“He loved to drink and he loved to eat,” says Roy Doty, a cartoonist who was a friend of the late inventor, “so going out for dinner with Dr. Schlumbohm was a horrifying experience.” Guests were treated to epic all-night food crawls in his huge Cadillac Coupe De Ville, which he pimped out with built-in shades and a solid-gold Chemex coffee maker bolted to the driver’s door. (When he traded in his car every two years, he removed the golden amulet and set it on the newer, larger model.) Like many German immigrants, Schlumbohm felt at home in Manhattan’s Yorkville neighborhood, once a stronghold of German restaurants and coffee shops. He drove his guests up into the 80s, handed anyone loitering near the area a ten-dollar bill to watch the car, and then marched in for his first course. Soon, they all piled back into the car and moved on to the next joint. “Eventually,” says Doty, “you’d be somewhere eating streusel with him and by that time it was two or three in the morning.” But three in the morning was nothing to Schlumbohm, who surrounded himself with fellow night owls and often made calls around that time to discuss his newest ideas.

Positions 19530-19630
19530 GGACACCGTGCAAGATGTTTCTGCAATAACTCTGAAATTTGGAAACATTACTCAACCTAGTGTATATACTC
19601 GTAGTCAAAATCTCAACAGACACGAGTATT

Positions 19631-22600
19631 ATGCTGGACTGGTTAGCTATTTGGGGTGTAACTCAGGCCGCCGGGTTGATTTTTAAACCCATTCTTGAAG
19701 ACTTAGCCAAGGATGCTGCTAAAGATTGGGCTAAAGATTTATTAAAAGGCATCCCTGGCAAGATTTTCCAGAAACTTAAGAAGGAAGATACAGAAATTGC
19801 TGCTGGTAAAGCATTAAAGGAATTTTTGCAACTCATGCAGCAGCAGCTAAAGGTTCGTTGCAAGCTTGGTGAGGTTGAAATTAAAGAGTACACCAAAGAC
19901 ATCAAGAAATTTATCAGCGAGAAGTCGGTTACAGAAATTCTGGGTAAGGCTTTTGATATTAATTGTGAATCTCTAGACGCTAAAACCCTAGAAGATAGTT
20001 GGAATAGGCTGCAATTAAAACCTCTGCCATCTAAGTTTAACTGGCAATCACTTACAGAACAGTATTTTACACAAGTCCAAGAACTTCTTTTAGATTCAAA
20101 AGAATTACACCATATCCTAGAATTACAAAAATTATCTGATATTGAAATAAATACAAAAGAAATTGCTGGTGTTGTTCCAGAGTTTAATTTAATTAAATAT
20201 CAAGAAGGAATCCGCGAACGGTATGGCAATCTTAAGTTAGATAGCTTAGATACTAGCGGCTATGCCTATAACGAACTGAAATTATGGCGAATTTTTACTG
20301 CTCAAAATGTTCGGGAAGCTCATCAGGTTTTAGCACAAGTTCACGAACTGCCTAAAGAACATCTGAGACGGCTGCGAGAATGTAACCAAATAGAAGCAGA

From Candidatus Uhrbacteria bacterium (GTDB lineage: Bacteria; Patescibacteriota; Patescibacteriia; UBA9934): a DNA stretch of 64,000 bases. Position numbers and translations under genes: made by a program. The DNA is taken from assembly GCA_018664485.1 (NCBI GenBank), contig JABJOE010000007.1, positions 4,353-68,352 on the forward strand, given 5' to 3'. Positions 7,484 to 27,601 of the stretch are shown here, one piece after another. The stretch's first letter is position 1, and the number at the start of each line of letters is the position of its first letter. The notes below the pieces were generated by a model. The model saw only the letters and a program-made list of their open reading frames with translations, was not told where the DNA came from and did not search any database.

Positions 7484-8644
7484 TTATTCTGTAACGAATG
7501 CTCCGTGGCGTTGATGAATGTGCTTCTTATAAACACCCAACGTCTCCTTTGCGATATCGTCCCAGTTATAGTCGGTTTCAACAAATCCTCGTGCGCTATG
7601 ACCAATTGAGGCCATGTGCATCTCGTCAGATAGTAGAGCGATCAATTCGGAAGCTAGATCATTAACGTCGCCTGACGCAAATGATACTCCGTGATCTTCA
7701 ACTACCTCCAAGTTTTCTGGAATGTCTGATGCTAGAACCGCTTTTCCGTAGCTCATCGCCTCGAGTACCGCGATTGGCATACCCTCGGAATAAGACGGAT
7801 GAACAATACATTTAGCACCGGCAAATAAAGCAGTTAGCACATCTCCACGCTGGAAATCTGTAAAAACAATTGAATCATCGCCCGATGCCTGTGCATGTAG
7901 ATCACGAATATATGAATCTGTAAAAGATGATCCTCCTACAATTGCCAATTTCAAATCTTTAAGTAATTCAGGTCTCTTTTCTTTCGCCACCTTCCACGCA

When he did return home, it was, unsurprisingly, to a bachelor penthouse on 5th Avenue—a peeping Tom’s paradise overlooking Greenwich Village, with thousands of dollars worth of binoculars dangling from the windows, and ice buckets stocked with perpetually chilling German beers and wines at the front door for visitors. “He loved women, Dr. S., and women loved him,” says Doty.
Thursday, June 12, 2008
I feel cheap and tawdry when I use links from boingboing or kottke, but sometimes they're too good to pass up, like this article from Gourmet Magazine on the inventor of the Chemex coffee maker.